The Original Question about Value of Naming

Fri Jul 19 13:35:17 CDT 1996

Comments-on: Fri, 19 Jul 1996 13:34:08 -0400 (EDT)
Comments-of: "Ford, Donna" <DIFORD at WVNVM.WVNET.EDU>
    Thought I would contribute my reply to Mike for the entire list as well!

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     "Ford, Donna" <DIFORD at WVNVM.WVNET.EDU>

Thanks for clarifying the point of your question!  I can appreciate how that is
an important and controversial issue.  I have two points to make in response:
1. I teach a field botany class probably similar to that of Lammers.  As far as
I am concerned, the most important of the objectives for the class, is to learn
to observe things carefully, and then to use knowledge of the plant's features
to identify it by "keying out."  That is what we do the entire three hours we
are out in the field, and on every exam the students have 3-4 new plants (never
seen before by the class) to individually identify using the keys in the flora.
The goal (endpoint) is the name of the plant, but the skill is observation.
The application is to know when I look at a specimen is it the same as some-
thing I have seen already (i.e., previously identified) or is it different
(needing to be identified).  I try to teach the students that by careful
observation and comparison, they can take "short-cuts" that allow them to begin
keying at the family or genus level, rather than at couplet A, page 1.  However
2. Each species should only have to be keyed out once.  After that, it is an
aquaintance, and effort should be made to remember the name.  Like making new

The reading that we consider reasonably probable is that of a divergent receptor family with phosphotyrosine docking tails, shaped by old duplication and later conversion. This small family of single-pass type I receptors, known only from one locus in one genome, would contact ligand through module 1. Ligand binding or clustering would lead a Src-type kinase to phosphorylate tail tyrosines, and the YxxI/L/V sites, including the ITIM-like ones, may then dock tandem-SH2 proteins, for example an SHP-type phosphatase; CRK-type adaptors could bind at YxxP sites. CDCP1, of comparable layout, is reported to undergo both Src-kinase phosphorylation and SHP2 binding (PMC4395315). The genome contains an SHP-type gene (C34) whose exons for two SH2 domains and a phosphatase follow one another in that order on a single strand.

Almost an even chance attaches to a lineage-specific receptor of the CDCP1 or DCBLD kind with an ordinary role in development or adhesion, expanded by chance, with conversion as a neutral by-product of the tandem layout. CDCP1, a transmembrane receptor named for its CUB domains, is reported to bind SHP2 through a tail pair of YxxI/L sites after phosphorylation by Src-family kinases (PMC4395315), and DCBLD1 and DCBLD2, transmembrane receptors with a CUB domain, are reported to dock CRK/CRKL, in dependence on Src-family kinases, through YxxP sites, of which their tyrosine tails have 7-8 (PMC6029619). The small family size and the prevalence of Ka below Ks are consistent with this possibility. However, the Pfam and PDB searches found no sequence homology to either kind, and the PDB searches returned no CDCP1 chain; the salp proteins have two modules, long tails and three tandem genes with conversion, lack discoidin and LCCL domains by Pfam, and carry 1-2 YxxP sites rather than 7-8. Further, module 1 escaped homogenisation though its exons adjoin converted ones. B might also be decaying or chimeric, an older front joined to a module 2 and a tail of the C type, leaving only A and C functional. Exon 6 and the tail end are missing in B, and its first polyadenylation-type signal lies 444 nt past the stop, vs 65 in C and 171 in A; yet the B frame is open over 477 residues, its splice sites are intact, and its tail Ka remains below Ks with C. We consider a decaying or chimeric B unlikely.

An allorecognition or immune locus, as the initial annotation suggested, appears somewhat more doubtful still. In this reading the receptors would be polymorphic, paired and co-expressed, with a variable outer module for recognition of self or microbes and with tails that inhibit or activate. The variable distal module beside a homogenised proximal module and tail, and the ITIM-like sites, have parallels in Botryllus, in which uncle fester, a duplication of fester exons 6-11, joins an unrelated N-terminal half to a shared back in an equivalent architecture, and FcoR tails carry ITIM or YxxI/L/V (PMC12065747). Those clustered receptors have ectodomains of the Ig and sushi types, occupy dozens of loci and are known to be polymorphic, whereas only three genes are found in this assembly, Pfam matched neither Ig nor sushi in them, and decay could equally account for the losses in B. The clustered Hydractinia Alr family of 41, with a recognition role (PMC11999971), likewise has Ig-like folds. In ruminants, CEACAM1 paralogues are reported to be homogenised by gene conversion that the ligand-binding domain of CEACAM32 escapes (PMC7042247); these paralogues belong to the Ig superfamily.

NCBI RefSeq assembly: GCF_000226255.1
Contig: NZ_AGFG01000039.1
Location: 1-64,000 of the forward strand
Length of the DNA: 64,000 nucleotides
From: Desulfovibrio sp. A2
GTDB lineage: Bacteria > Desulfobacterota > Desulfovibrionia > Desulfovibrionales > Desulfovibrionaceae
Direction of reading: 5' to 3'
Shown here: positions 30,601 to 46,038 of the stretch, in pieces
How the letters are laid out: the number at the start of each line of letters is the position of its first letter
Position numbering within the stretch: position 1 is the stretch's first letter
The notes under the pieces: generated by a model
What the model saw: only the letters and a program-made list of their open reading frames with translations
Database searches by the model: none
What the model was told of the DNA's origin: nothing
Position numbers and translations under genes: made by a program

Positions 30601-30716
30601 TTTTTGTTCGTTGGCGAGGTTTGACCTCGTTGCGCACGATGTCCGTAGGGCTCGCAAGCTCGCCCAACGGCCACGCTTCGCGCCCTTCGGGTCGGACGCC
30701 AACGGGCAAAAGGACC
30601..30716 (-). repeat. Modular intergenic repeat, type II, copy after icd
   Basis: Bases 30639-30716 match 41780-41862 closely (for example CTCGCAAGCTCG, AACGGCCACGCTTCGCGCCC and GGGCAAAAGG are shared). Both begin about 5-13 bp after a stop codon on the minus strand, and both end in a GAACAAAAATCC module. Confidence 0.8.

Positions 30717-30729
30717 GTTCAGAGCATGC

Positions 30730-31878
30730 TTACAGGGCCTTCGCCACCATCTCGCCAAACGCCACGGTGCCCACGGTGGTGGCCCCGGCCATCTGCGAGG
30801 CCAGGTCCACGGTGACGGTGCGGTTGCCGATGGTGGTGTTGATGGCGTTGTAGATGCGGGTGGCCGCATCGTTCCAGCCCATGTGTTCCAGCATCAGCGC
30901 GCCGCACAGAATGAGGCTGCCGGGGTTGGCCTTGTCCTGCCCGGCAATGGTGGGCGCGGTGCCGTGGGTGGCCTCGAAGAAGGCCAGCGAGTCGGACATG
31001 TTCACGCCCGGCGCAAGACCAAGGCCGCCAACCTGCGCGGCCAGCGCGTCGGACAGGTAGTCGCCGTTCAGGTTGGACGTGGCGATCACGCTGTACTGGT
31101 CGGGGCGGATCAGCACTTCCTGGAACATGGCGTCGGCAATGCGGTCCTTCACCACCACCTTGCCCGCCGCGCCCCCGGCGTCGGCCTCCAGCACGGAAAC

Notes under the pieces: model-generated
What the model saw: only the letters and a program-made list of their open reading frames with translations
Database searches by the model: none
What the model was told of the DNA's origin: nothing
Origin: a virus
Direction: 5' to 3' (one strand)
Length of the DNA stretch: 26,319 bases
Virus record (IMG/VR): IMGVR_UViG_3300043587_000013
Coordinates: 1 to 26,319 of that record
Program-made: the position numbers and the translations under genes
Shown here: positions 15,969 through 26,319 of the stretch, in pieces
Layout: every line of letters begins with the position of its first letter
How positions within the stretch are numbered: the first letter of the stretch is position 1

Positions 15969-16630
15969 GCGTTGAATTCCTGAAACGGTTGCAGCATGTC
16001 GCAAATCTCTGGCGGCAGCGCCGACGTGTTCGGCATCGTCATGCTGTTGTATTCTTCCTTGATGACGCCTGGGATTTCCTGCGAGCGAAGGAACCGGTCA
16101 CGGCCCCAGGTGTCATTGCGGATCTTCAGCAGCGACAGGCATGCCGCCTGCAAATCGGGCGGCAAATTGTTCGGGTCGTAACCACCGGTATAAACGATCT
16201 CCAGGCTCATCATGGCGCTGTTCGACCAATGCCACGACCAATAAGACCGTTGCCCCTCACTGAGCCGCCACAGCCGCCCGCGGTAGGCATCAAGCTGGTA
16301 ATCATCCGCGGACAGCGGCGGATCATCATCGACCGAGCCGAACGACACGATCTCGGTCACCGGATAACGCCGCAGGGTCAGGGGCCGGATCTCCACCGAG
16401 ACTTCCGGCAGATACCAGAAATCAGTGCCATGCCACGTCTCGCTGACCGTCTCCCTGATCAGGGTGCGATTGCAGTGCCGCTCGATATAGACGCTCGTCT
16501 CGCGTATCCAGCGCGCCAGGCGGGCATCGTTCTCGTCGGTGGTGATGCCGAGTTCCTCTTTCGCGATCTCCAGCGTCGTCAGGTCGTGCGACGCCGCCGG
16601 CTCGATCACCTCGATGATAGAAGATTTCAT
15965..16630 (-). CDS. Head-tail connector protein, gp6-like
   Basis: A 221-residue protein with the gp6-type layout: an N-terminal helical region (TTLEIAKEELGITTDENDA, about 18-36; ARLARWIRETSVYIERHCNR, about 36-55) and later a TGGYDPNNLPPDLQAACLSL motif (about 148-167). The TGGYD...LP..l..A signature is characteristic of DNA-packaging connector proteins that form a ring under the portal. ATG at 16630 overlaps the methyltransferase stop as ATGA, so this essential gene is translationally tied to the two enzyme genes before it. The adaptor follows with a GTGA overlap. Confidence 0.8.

friends, it takes practice and time--first it is just a familiar face, then
with repetition you can put the name to it.  (I make a point of learning and
calling my students by their names ASAP, just as they have to study the plants
I already know).  As we study each plant in the field, observe its distinctive
features, and thus figure out the name, I also mention other "interesting"
aspects of the species: I always try to explain the etyology of the latin
binomial (and whatever common names we choose to recognize), as well as talk
about important ecological or economic tidbits.  The bulk of the exam, however
is "regurgitating" memorized binomials (with half credit for the text common
name).  The only other questions (beside the "unknowns" mentioned above) are
related to major terms, mostly pertaining to morphology.  The students are
happy not to have to learn the "trivia" about each species.  Many times they
recall these items, even after the specific epithet is forgotten, anyway.  I
tell them that the value to learning the name  is that it is the point of
access to all other information about the plant.  With a scientific name and
the correct reference one can look up the habitat, medicinal use, etc, but it
all hinges on having a name (memorized or by keying, which the students all
agree is a difficult exercise.  So, with apologies for being so long-winded,
I am in favor of teaching/telling the names (and I like latin genera), but in
an observational context.  For example, on your nature walks, have the students
"discover" the explosive capsules of "Jewelweed," then explain to them that the
name is Impatiens, or "touch-me-not."  If both taxa grow in the area, you can
have them observe the two flower colors and learn about the separate species
(and don't forget to tell them that this is a handy plant to know as a reputed
cure for poison ivy, one of the first plants that every student should learn
to recognize and avoid).  Talk about seed dispersal and conservation (I
encourage my students to study the plants as non-destructively as possible),
and above all, happy botanizing!

Donna I. Ford-Werntz     West Virginia Univ.
Herbarium Curator (WVA)  Box 6057
Asst. Prof. Biol.        Morgantown, WV 26506
425 Brooks Hall          (304)293-5201 X2549
fax: (304)293-6363  email: diford at
Web site at
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